Hey there @ThimPress!
Chrome 68 will begin labeling all HTTP sites as “Not secure” in the address bar ==> making the Preview.ThemeForest.Net site to be labeled as Not Secure
This is something we have been quite aware of as many members of the engineering team run Google Chromium or Canary builds and have been following this movement with great anticipation - not just for us but for security across the web.
Please fix this by adding SSL to preview.themeforest.net .
Unfortunately, the HTTP only previews have been a thorn in our side since before we migrated to HTTPS everywhere and it hasn’t got any easier in the recent months when this was revisited. In the months leading up to this HTTP deprecation notice, we’ve had quite a few discussions on how we can mitigate this issue but I’m afraid we still don’t have a solid plan for addressing this for a number of reasons.
We can’t force HTTPS for every live preview.
There are still a bunch of authors that don’t have HTTPS enabled previews and enforcing HTTPS for this preview would result in the client getting mixed content warnings (bad news for SEO fans!).
We can’t conditionally (sensibly) enable HTTPS for previews.
We run all of our traffic through a distributed edge network to deliver content and security improvements as close to to the user as possible. This is done for a variety of reasons and one of the big ones is that it offloads a bunch of the work our origin (aka the application) needs to do to purpose designed machines sitting in front that can accept an influx of traffic and move it around accordingly based on a series of rules without impacting the application.
The downside to this is that they are two individual components that work in isolation and it’s built this way by design. The rules that we have in place for the edge network must operate regardless of whether the application is healthy which means that we don’t expose or rely on any application level logic or data to drive the edge routing decisions. Item previews are one of these application level concerns and unlike the HTTP/HTTPS enforcement, cannot be determined without first connecting to the application and performing an item load.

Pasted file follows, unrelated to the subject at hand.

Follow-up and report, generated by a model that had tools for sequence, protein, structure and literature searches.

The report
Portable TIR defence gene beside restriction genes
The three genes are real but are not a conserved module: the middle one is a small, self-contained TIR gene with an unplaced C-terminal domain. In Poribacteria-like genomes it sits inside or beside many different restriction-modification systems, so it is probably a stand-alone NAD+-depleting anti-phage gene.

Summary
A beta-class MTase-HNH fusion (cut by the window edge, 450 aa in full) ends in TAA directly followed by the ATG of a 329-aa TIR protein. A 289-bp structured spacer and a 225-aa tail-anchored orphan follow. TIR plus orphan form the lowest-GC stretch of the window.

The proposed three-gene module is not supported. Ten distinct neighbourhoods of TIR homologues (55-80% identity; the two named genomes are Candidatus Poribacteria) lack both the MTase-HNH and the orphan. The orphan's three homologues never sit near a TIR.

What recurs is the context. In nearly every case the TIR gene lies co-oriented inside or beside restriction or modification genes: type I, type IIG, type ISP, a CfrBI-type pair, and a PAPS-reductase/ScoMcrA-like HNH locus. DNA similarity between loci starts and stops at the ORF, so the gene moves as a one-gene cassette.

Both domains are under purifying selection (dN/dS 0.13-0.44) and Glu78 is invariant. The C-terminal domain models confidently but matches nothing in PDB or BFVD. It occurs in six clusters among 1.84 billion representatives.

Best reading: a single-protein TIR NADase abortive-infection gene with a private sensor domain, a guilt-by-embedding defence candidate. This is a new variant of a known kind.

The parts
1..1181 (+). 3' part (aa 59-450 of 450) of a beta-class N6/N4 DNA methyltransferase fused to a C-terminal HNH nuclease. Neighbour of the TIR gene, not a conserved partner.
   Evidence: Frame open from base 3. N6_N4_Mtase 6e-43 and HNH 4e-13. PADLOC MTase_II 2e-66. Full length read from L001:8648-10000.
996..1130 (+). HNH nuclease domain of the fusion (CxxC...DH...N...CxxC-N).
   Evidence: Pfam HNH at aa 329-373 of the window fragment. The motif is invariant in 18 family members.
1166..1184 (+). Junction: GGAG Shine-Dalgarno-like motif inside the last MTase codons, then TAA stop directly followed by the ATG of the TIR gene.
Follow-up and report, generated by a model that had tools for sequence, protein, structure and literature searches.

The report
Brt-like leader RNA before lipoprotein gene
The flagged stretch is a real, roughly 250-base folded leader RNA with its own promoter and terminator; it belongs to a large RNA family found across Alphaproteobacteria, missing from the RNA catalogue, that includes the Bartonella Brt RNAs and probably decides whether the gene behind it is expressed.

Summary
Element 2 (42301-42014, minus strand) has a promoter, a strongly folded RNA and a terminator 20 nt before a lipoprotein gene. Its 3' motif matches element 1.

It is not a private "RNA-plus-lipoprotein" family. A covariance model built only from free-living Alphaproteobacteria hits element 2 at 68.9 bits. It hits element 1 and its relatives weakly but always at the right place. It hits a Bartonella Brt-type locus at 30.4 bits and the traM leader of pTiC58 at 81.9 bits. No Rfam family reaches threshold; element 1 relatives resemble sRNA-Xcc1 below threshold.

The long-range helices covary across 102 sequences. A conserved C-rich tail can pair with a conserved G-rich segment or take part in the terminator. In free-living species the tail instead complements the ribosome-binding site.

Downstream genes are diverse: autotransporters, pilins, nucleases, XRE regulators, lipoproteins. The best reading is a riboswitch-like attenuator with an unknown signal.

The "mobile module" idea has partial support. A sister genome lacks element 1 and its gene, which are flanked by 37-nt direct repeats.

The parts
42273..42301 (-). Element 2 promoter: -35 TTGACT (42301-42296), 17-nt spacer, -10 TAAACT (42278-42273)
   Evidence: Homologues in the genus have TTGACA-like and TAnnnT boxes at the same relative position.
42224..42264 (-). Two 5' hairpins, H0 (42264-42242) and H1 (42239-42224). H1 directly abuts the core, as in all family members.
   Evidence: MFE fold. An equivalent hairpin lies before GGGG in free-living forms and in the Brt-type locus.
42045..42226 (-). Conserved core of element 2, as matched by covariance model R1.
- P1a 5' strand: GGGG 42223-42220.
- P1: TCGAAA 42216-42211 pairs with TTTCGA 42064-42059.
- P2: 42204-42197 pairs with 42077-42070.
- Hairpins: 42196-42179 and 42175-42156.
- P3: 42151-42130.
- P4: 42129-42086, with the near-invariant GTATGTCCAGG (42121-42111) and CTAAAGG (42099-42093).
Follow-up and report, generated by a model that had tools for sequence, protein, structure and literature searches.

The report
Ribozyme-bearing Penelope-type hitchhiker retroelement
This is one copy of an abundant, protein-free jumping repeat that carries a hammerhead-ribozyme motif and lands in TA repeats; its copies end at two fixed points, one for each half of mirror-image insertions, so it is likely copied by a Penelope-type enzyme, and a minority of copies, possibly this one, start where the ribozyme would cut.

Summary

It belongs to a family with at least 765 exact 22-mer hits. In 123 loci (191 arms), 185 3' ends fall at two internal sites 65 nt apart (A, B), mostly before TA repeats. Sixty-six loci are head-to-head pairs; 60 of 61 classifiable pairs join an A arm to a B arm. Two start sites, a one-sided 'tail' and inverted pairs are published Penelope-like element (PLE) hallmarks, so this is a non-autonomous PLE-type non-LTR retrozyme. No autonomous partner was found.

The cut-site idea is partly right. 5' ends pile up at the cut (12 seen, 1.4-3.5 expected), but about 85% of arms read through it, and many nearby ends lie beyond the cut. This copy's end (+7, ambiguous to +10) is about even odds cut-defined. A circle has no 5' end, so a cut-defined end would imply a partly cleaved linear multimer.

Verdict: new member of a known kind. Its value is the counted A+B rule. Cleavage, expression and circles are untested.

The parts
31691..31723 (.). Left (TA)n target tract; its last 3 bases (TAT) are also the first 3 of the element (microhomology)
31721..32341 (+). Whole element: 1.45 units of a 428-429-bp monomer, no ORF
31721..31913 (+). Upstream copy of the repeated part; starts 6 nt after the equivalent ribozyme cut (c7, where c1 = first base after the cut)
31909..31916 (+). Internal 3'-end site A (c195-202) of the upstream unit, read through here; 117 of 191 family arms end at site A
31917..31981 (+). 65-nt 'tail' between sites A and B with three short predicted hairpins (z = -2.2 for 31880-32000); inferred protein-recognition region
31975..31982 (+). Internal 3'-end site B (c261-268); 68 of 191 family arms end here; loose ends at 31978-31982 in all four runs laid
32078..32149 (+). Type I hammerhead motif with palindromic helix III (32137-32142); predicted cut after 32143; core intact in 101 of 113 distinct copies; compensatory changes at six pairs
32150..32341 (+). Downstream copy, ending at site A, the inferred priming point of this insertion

Now, I bet you’re wondering “couldn’t Envato just add a bunch of rules into our edge configuration to handle this?”
Well…Regardless of how much money you throw at hardware for your routers, there is always (yes, always) a performance tipping point where the number of rule evaluations starts to cause your requests to slow down. The number at which this tipping point occurs between hardware + software combinations and the impact will also vary. Sometimes the performance overhead will be 1ms and in other combinations, it can be up to a 1s. What is worse is that in most cases I’ve seen, once this threshold gets violated the impact is exponential. We take performance metrics like this quite seriously and during our recent edge provider migration, we ended up halting the project until we figured out why one geographical region added 100ms while the others showed no change.
When we migrated to HTTPS, we ran some stats against the number of live previews that were HTTPS enabled and at the time, of the top 1000 or so, only 10-15 were. This was a relatively small number but with the information from above we made the call to not start adding in exceptions due to the maintenance overhead and complexity it would introduce. Speaking to one of the other engineers following the migration, they mentioned this number is on the rise (which is awesome!) but just backs up our initial thinking that as this HTTPS change was adopted our work to maintain it would have got far more difficult and we could have ended up in a situation where the cost would have continued to grow out of control.
In saying all this, we do have a soft limit that we impose on our configurations and unfortunately, this approach would push us over the threshold and potentially start slowing down the edge routing.
So, after all that are you saying that it won’t ever be fixed?
Definitely not! However, there will need to be quite a number of changes internally for this to be fully addressed before it will be viable for us to offer a fix.
There are some ideas floating around internally around how we might address this but none of them will be an overnight solution. Some good news on this deprecation from Chrome is that we enforce HTTPS across the marketplaces (even if you try HTTP, we upgrade the connection) so the actual purchasing and viewing side of things are covered by HTTPS as customers would expect.
New protections defend users against iframes redirecting users to unwanted sites.
This is another feature we are aware of and since this is how the live preview is intended to work (that is, previewed with an overlaying navigation bar), I’m afraid there probably won’t be many changes with this unless we end up replacing this piece of functionality with something that doesn’t rely on iframes but I’ll be sure to add it to the list of discussion points.
Do let me know if you’d like me to elaborate on any of these points as I’m happy to discuss any in more detail if it helps people understand the issue better!